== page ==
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Raymond A. Smith, Ph.D. Headshot

A Senatorial Centennial: How Congress Was Reshaped 100 Years Ago This Week

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If you think that dysfunction and elitism in the U.S. Senate are now at an all-time high, then this is a good time to recall that for the first 12 decades of American history, it was often much worse.

It was on May 31, 1913 -- exactly one hundred years ago -- that the 17th Amendment was enacted to shift the election of senators from state legislatures to the voters of each state. This is a largely forgotten episode of American political history, but its effects still resonate down until today.

The original design of Congress only envisioned U.S. Representatives as directly representing the people. Members of the upper house were seen to represent the states and to give them a powerful influence on national domestic politics, and also on the ratification of international treaties. After the Civil War, Populists began calling for the Senate to be more directly representative of the people.

By the Progressive Era of the early 20th century, other problems had also crept in. State legislatures with chambers under the control of different parties sometimes could not agree on a Senate choice, leaving the seat vacant. These deadlocks were all too often broken through corruption and backroom dealing by party bosses, some of the same concerns that also led progressives to champion the introduction of primary elections.

The obstacles to reform were formidable. The usual route for enactment of a Constitutional amendment requires the support of 2/3rds of both houses of Congress and then ratification by 3/4 of the state legislatures -- in other words, some of the very entities whose prerogatives were being targeted. But Article V of the Constitution also requires that Congress "on the Application of the Legislatures of two thirds of the several States, shall call a Convention for proposing Amendments." By 1910, with the reformist impulse strong throughout the country, 27 of the 31 states required to reach two-thirds had invoked their Article V right to convene a Constitutional Convention -- the closest we as a nation have come to this since 1787.

Fearing that a "runaway" convention that might seriously undermine the status quo and its entrenched interests, Congress relented and officially proposed what would go on to quickly become the 17th Amendment. As promised, the amendment eliminated the problem of Senate vacancies and also curbed corruption. But it also had other unintended effects. More Democrats were elected by the voters than had been by state legislatures, whose apportionment at the time favored Republican-leaning rural areas. The nature of American bicameralism also shifted, with Senators behaving much more like election-seeking Representatives, albeit still with longer terms and larger constituencies.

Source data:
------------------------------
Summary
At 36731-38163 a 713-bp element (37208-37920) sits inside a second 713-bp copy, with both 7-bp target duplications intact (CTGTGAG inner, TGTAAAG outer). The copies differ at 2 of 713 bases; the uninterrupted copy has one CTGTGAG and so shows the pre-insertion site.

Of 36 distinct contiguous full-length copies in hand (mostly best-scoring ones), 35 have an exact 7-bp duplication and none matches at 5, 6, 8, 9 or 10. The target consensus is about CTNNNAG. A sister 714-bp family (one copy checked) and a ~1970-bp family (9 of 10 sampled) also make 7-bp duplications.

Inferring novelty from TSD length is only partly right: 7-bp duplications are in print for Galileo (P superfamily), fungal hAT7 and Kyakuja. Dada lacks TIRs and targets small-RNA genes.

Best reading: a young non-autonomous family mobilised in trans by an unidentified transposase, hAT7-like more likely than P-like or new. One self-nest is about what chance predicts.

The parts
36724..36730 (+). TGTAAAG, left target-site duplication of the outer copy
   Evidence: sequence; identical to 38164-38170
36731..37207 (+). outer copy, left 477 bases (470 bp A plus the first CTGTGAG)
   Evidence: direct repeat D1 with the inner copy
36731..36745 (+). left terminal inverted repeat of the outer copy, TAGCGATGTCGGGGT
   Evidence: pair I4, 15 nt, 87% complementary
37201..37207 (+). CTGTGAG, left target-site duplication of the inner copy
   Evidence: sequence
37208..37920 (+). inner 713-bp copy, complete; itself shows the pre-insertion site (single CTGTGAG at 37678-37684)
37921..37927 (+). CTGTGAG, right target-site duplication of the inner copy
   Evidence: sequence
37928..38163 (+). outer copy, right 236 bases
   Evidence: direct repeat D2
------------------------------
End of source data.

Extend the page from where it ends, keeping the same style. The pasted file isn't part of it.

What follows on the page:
Some proponents of robust federalism have continued to view the 17th Amendment as a body blow to states' rights, one in a string of defeats that also included the Civil War, the New Deal, and the Civil Rights Era. The issue of states' rights has more recently led to unlikely interest in the 17th Amendment among some Tea Partiers, who call for its repeal so that the federal government would once again be more directly restrained by the states.

More sustained has been criticism of another innovation introduced in 1913: the provision that governors may temporarily fill vacancies in Senate seats from their states. The 2008 elections highlighted this peculiar practice when governors in four states simultaneously filled the Senate seats left empty when Barack Obama, Joe Biden, Hillary Clinton, and Ken Salazar joined the incoming Obama administration. By late 2009, after the death of Ted Kennedy and the resignation of Mel Martinez, one in eight Americans was represented by at least one appointed Senator. And, of course, the sordid tale of former Illinois Governor Rod Blagoevich's attempt to "sell" Barack Obama's spot in the Senate calls to mind the corruption that first sparked the ire of the Progressives.

Perhaps the most intriguing aspect of this obscure centennial, however, is the reminder that it is indeed possible to win even the most uphill battle to alter the Constitution. Proponents of reform all too often throw up their hands at the seeming near-impossibility of enacting a Constitutional amendment, whether to reform the electoral college, guarantee women's equality, balance the budget, allow naturalized citizens to become president, enact term limits, or provide voting rights for Washington, D.C. -- all of which have been the topics of thwarted amendments. But one hundred years ago, reformers found a way to remind the country that people govern the Constitution, and not the other way around.